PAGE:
At the end of the day, ideas do not surmount established interests on their own; nor do ideas automatically shape new institutions when political opportunity strikes. Instead, institutions change when political entrepreneurs notice areas of weakness in the structure of ideas, institutions, and incentives, and then find ways to implement different rules in those areas. The entrepreneurs in political change may be philosophers, opinion makers, political leaders, or other types of influencers. What they have in common is access to a stock of ideas, a knack for perceiving times when a different idea can take hold, and the grit to drive madmen in authority toward changing institutions accordingly.
That’s stating things generally. Alex’s post gives flavor to the argument in the case of spectrum license auctions. And tomorrow I will follow up to show how Alfred Kahn and Teddy Kennedy were political entrepreneurs who revolutionized the airlines by implementing a different idea.
Good reads that haven’t been covered here on MR:
1. Institute for Justice on too much eminent domain discretion imparting bad incentives on redevelopment agencies.
3. My co-author Wayne Leighton on Bruce Yandle’s Bootleggers and Baptists: “it’s much more than a clever label for an interesting phenomenon; it’s serious political theory”.
4. Robert Sirico and Jeff Sandefur’s new book on how to be a hero.
5. Michael Makowsky and Stephen Miller on the effect of intelligence and education on the intensity of environmentalist beliefs.
If a monopoly on legitimate force (government) is set up to prevent private predation, then what constrains government predation? This new paper presents intriguing results (a snippet of the abstract):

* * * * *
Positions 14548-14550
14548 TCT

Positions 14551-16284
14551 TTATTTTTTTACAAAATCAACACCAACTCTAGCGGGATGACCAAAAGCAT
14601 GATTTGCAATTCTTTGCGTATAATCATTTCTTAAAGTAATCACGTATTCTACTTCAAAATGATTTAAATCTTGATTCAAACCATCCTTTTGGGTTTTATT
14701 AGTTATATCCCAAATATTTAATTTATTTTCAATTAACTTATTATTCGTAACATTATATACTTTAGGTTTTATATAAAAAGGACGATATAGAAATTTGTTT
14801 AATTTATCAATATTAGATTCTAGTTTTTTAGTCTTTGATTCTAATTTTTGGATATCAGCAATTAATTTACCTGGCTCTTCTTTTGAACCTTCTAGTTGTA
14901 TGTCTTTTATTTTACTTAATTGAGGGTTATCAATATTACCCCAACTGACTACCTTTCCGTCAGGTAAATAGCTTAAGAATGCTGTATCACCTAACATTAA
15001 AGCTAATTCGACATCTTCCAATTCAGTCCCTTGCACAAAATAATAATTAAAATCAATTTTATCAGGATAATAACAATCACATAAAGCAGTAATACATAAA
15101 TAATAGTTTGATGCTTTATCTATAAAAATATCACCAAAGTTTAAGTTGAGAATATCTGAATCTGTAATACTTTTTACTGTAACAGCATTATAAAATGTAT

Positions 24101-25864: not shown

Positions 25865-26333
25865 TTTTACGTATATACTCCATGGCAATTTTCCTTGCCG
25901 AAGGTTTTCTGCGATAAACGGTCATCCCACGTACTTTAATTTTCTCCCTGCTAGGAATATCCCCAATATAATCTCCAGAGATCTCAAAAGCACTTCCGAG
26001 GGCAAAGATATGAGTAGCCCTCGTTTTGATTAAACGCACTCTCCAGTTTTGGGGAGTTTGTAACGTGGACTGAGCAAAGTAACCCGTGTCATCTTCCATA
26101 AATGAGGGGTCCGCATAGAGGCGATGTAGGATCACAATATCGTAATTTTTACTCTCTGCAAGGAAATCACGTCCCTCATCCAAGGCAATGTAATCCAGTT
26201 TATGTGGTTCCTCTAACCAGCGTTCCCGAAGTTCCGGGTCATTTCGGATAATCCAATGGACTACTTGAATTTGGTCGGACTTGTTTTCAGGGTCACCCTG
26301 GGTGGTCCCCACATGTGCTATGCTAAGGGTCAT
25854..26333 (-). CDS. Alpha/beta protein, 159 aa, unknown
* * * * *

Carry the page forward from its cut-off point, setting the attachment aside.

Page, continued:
Previous findings suggest that informal, cultural rules underlie constraints on government predation. Following this logic, this study asks how contract enforcement is achieved – through formal or informal mechanisms? After controlling for reverse causality, the empirical results suggest that informal cultural mechanisms protect against private predation and support contracting institutions while the formal institutions are insignificant.
The author is Claudia Williamson and it follows on her article in Public Choice and her Journal of Law & Economics piece with Carrie Kerekes. While limited by the quality of available measures of informal rules, this work is building a case that cultural norms do much heavy lifting when it comes to constraining both private and government predation.
The Innovative Design Protection Act (S.3523) would extend copyright protection for three years to fashion designs, including “undergarments, outerwear, gloves, footwear, and headgear; handbags, purses, wallets, tote bags, and belts; and eyeglass frames.” (Bill text.) Despite being introduced in every Congress since 2006, the bill has barely eked out of committee and no version has been brought to a floor vote.